Saudi Arabia Invests $714 Million in Boeing’s Stock

Investor’s Business Daily21.05.2020 North America
Saudi Arabia Invests $714 Million in Boeing’s Stock

Saudi Arabia Invests $714 Million in Boeing’s Stock

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The Saudi sovereign-wealth fund bought big stakes in Boeing and other U.S. tech, bank and travel stocks during Q1 as the Kingdom continues to diversify its investments outside energy by looking for bargains amid the coronavirus pandemic, Investor’s Business Daily reported.

The Public Investment Fund disclosed a $714 million stake in Boeing stock in a regulatory filing last Friday. The aerospace giant has seen its orders tumble as air travel falls amid COVID-19 related travel restrictions.

The massive investment in Boeing stock comes despite prospects for a prolonged slump in air travel, which industry leaders estimate won’t return to pre-pandemic levels for 3-5 years.

The U.S. aerospace giant’s 737 Max single-aisle jet has been grounded over a year following two deadly crashes, while customers are rushing to cancel and defer aircraft orders. But as orders on the commercial side fall, the U.S. government has continued to buy weapons from Boeing under foreign military sales contracts.

Last week, Boeing received a $2.6 billion dollar order from the U.S. Navy to build Harpoon and Standoff Land Attack Missile Expanded Response (SLAM ER) missiles. The SLAM ER contract is worth $1.97 billion and includes 650 of the extended range missiles for the Saudi government. The Harpoon contact is for $650 million and includes 400 of the anti-ship missiles for Saudi Arabia.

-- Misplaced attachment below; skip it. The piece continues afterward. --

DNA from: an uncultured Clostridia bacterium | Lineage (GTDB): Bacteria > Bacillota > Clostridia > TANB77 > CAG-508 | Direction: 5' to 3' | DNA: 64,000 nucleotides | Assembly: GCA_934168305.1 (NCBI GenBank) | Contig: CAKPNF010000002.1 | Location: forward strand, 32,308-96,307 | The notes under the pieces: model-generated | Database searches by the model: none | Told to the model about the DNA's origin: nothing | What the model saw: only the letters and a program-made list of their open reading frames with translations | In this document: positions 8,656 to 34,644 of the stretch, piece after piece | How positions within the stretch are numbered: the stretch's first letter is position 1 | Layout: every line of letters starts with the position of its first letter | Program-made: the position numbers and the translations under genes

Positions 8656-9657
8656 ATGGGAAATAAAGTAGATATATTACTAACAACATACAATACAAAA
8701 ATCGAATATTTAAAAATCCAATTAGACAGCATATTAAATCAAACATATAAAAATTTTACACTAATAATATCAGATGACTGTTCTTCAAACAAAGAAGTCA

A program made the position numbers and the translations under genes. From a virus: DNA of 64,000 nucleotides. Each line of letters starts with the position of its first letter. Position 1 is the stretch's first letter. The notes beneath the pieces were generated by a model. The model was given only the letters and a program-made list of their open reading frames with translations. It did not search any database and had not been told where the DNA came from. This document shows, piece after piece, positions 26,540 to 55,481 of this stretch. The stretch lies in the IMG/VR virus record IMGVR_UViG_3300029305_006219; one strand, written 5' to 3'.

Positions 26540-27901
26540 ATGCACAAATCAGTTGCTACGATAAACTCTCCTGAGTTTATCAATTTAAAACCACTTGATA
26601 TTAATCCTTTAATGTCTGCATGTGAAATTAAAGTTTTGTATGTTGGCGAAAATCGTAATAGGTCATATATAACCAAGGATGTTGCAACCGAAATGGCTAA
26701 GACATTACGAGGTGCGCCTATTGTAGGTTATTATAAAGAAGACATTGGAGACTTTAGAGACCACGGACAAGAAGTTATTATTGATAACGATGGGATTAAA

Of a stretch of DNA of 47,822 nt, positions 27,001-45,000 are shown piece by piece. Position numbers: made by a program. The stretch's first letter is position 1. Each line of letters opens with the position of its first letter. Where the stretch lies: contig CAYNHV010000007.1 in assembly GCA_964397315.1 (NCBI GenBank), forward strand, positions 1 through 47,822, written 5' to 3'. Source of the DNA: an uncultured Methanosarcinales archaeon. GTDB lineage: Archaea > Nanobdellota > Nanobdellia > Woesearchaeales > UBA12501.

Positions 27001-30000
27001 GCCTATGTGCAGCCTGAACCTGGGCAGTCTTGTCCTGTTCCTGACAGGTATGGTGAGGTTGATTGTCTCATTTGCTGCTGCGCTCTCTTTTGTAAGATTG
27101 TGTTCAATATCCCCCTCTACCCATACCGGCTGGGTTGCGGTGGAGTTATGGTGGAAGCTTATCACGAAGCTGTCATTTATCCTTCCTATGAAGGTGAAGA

The Saudi wealth fund also bought a $522 million stake in Citigroup, $488 million in Bank of America, and $500 million in Disney, Facebook, Marriott and Cisco during the first quarter.

Last month, the fund disclosed stakes in cruise line operator Carnival and ticker provider and concert promoter Live Nation Entertainment.

The travel and entertainment sectors have taken a massive hit since the coronavirus pandemic began spreading in March. Cruise ships became hot spots where the virus ran rampant and concerts and sporting events were postponed or canceled. Disney closed its theme parks across the U.S. Europe and Asia.

The lack of travel has weighed on demand for Saudi Arabia’s oil. The Kingdom has seen a sharp drop in oil prices as travel is curtailed during COVID-19 lockdown and cut its production output to 7.5 million barrels per day in an effort to balance the oil markets. 

 
 



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